organization-work – mammoth // building nothing out of something

Tag Archives: organization-work

the geopolitics of subtraction

[Map of the IIRSA’s Amazonian axis, connecting the Pacific to the Atlantic across the Andes; from IIRSA document “8 Ejes de Integración de la Infraestructura de América del Sur”] Keller Easterling, speculating about “a new counterintuitive economic model” of “infrastructural subtraction” in Domus last November: “What are the points of leverage, trip distances or economies […]


[Massive warehouse districts both east and west of I-35 in Laredo, Texas, filled with goods shipped across the Mexican border.] Tom Vanderbilt, with a short history of the pallet, one of those logistical objects whose dimensions and properties format much of the space we live in, from store shelves to exurban warehouse districts: For an […]

zones and extrastatecraft

[A zone: Ebene Cybercity in Mauritius. As a bonus, Ebene is also an excellent example of the capacity of the Tubes to direct urban futures, as one of its prime selling points is that it sits at a landing point for the “the SAT3/WASC/SAFE sub-marine cable which links Southern Europe, Western and Southern Africa and […]

dry commonwealths

[The eighty-six proposed “commonwealths” of the lower forty-eight states, from “The Commonwealth Approach”.] 1 I can’t take too much credit for our win — we borrowed the main idea from a pair of earlier competition entries Laurel produced. I’m excited that “The Commonwealth Approach”, an entry to the Arid Lands Institute’s Drylands Design Competition that […]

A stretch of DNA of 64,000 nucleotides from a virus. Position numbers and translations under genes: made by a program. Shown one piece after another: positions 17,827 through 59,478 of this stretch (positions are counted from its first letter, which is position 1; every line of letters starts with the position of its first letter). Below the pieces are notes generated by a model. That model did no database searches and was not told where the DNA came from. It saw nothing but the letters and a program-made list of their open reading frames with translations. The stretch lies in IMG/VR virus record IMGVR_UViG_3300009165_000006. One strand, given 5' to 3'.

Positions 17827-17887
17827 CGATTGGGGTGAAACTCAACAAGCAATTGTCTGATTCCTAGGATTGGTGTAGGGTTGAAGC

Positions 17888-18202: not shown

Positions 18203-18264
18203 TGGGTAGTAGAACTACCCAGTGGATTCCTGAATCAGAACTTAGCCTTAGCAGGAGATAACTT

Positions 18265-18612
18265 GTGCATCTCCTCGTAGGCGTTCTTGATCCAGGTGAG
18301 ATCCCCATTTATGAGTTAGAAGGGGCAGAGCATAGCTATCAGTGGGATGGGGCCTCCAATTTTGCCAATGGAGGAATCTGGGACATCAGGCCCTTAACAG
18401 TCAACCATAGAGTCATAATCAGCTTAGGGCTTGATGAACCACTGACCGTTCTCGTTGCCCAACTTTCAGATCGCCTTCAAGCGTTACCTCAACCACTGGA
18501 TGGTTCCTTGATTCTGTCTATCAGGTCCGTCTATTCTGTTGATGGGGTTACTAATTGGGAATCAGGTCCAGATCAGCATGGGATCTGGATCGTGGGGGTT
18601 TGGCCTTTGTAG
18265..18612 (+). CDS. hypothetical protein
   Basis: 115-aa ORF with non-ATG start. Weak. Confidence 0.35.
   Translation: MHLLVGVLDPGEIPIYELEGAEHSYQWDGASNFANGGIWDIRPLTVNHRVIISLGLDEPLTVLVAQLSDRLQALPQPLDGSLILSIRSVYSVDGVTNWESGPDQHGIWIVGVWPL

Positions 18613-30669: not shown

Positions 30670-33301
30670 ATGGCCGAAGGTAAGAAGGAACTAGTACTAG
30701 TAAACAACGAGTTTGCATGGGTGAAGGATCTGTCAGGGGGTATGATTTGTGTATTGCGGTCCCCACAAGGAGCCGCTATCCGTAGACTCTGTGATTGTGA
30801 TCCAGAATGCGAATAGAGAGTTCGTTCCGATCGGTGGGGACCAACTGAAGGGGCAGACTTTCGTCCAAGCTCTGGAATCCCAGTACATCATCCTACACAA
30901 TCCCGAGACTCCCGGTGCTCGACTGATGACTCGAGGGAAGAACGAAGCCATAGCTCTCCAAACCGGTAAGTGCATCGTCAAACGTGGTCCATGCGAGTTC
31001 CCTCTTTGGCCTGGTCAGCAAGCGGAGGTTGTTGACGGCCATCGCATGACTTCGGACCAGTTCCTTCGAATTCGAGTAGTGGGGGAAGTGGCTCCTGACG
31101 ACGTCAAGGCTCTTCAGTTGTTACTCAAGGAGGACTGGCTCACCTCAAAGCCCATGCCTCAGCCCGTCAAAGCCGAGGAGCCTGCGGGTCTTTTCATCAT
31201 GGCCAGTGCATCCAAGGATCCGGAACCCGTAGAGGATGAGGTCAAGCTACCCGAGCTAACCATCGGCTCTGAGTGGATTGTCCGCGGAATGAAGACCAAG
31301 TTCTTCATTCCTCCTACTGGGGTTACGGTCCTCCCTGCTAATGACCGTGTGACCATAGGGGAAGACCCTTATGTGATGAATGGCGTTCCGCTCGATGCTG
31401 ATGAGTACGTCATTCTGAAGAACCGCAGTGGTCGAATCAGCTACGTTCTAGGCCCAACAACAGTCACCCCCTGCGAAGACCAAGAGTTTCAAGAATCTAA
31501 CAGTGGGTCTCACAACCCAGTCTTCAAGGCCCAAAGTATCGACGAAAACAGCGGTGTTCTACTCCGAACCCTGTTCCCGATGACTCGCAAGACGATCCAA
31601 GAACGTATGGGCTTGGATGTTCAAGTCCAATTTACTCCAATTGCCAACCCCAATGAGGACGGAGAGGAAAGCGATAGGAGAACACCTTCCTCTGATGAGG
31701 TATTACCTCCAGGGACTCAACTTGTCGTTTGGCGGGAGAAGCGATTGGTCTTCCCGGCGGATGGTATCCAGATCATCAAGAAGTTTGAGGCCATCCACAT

border box

The following piece is a part of Border Town’s supplementary online discussion, which is collated at the Border Town website.  Border Town is a “10-week, multi-participant collaborative design studio that investigated the conditions that surround life in cities situated on borders, divided by borders, or located in conflict zones” this summer, led by Tim Maly and […]

six dams and six reservoirs

[Fort Peck Lake (top), Spillway (middle) and Dam (above), in northeast Montana; built between 1933 and 1940, Fort Peck is the world’s largest “hydraulically-filled” dam, which means that it was constructed by dredging suspended sediment from borrow pits and pumping it to discharge pipes at the dam site, where it settles onto the embankment.  (This […]

reluctant migration

In yet another great little piece at Domus, Fred Scharmen and Molly Wright Steenson look at the history and potential of the relationship between architecture and the field of interaction design, arguing that further disciplinary promiscuity would benefit both architects and interaction designers: “Instead of bringing together users through machines, what if interaction design were […]